YONGHE TEMPLE, Introduction

Audio File length: 2.26
English / USA Language: English / USA

Hi, my name’s Rick, and I’m your personal guide. Along with MyWoWo, I’d like to welcome you to one of the Wonders of the World: the Yonghe Gong or Yonghe Temple.

The Yonghe Temple, also known as the Hall of Harmony and Peace, is a Buddhist monastery of the followers of the Dalai Lama. It is the largest in China and the best preserved.

The temple was built in 1694, during the Qing dynasty, where one of the residences housing the eunuchs of the emperor’s court once stood. It was replaced with a residence destined for Prince Yong. When the prince became emperor in 1722, half of the building was used as a monastery for Tibetan Buddhist monks, while the remaining part continued to be used as a palace.

After his death, in 1735, Emperor Yongzheng’s body was displayed in this temple in accordance with his wishes, and his successor, Emperor Qianlong, proclaimed it an imperial temple. The turquoise roof tiles were thus replaced with yellow ones, the color associated with emperors.

Over the years, the monastery was home to a large number of Tibetan Buddhist monks, from Mongolia and Tibet, and it became the center of worship of the Dalai Lama’s followers in China.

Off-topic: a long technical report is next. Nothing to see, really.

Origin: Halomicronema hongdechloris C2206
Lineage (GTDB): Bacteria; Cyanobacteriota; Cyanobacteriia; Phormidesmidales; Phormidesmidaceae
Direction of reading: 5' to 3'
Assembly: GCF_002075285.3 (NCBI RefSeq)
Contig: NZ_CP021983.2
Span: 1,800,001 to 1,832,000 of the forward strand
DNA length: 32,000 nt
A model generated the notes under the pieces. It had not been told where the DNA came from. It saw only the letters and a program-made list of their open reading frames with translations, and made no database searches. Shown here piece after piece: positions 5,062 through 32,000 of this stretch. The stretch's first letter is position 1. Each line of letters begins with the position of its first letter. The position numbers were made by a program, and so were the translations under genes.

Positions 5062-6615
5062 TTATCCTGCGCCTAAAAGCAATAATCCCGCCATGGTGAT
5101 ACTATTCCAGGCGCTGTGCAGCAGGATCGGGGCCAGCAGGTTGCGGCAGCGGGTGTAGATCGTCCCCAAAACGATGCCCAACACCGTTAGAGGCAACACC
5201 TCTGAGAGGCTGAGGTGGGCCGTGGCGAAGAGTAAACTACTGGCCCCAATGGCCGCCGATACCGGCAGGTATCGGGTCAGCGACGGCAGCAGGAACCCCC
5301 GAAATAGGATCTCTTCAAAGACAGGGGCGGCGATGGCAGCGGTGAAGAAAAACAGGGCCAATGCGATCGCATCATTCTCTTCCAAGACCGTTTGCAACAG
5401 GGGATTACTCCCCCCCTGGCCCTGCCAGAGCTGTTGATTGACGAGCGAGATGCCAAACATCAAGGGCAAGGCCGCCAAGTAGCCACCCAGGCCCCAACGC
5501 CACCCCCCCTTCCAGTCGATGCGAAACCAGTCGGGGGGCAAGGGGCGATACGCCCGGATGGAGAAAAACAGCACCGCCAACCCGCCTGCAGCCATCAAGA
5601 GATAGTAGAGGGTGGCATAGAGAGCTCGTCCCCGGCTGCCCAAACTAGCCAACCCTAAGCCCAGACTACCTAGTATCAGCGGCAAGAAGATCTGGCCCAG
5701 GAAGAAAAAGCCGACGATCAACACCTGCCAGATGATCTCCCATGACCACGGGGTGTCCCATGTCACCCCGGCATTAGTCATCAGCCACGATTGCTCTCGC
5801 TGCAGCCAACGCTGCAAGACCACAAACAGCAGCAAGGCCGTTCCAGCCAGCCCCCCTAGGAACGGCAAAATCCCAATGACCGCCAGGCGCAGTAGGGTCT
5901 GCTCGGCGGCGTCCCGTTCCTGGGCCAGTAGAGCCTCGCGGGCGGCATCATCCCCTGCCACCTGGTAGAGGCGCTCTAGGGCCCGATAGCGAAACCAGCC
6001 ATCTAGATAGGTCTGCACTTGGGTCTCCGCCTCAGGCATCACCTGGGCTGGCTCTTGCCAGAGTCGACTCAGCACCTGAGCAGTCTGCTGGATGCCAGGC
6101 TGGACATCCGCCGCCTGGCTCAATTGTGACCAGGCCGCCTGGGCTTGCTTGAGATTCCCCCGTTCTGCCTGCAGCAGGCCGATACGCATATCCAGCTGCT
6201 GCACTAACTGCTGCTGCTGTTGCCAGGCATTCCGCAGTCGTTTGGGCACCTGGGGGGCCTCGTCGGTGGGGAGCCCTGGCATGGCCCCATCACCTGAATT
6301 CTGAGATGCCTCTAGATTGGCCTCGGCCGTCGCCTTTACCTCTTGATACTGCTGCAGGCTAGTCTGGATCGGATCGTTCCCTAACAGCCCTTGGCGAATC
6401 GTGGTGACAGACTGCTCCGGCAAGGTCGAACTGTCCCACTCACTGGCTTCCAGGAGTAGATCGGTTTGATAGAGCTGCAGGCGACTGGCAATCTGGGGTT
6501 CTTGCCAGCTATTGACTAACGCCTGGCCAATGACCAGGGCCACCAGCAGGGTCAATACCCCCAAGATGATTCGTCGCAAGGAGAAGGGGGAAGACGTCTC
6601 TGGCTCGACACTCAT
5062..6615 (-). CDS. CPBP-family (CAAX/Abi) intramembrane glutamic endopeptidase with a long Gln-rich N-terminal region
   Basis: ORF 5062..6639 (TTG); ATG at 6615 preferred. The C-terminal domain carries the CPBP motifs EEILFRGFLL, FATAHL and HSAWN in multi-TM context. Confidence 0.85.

In 1949, at the end of the civil war, the temple was declared a national monument, and remained closed to the public for 32 years. It was not reopened until 1981, and is still an active monastery, where dozens of monks live.

The architecture of the Yonghe Temple is a blend of Tibetan and Mongolian Buddhism and Chinese culture: the buildings are in Chinese style, while the furnishings are mixed, and the inscriptions are in four languages: Chinese, Mongolian, Tibetan and Manchu.

As soon as you enter the first courtyard, you’ll be able to note the origins of the imperial palace, with its red walls and the two stone lion statues symbolizing power.

The monastery is made up of five courtyards, with a variety of buildings looking onto them. In the next file, I’ll take you through the most important ones.

 

An interesting fact: during the Cultural Revolution, in the 1960s, many temples were destroyed, but this one is said to have survived thanks to the intervention of the prime minister at the time, Zhou Enlai.

 

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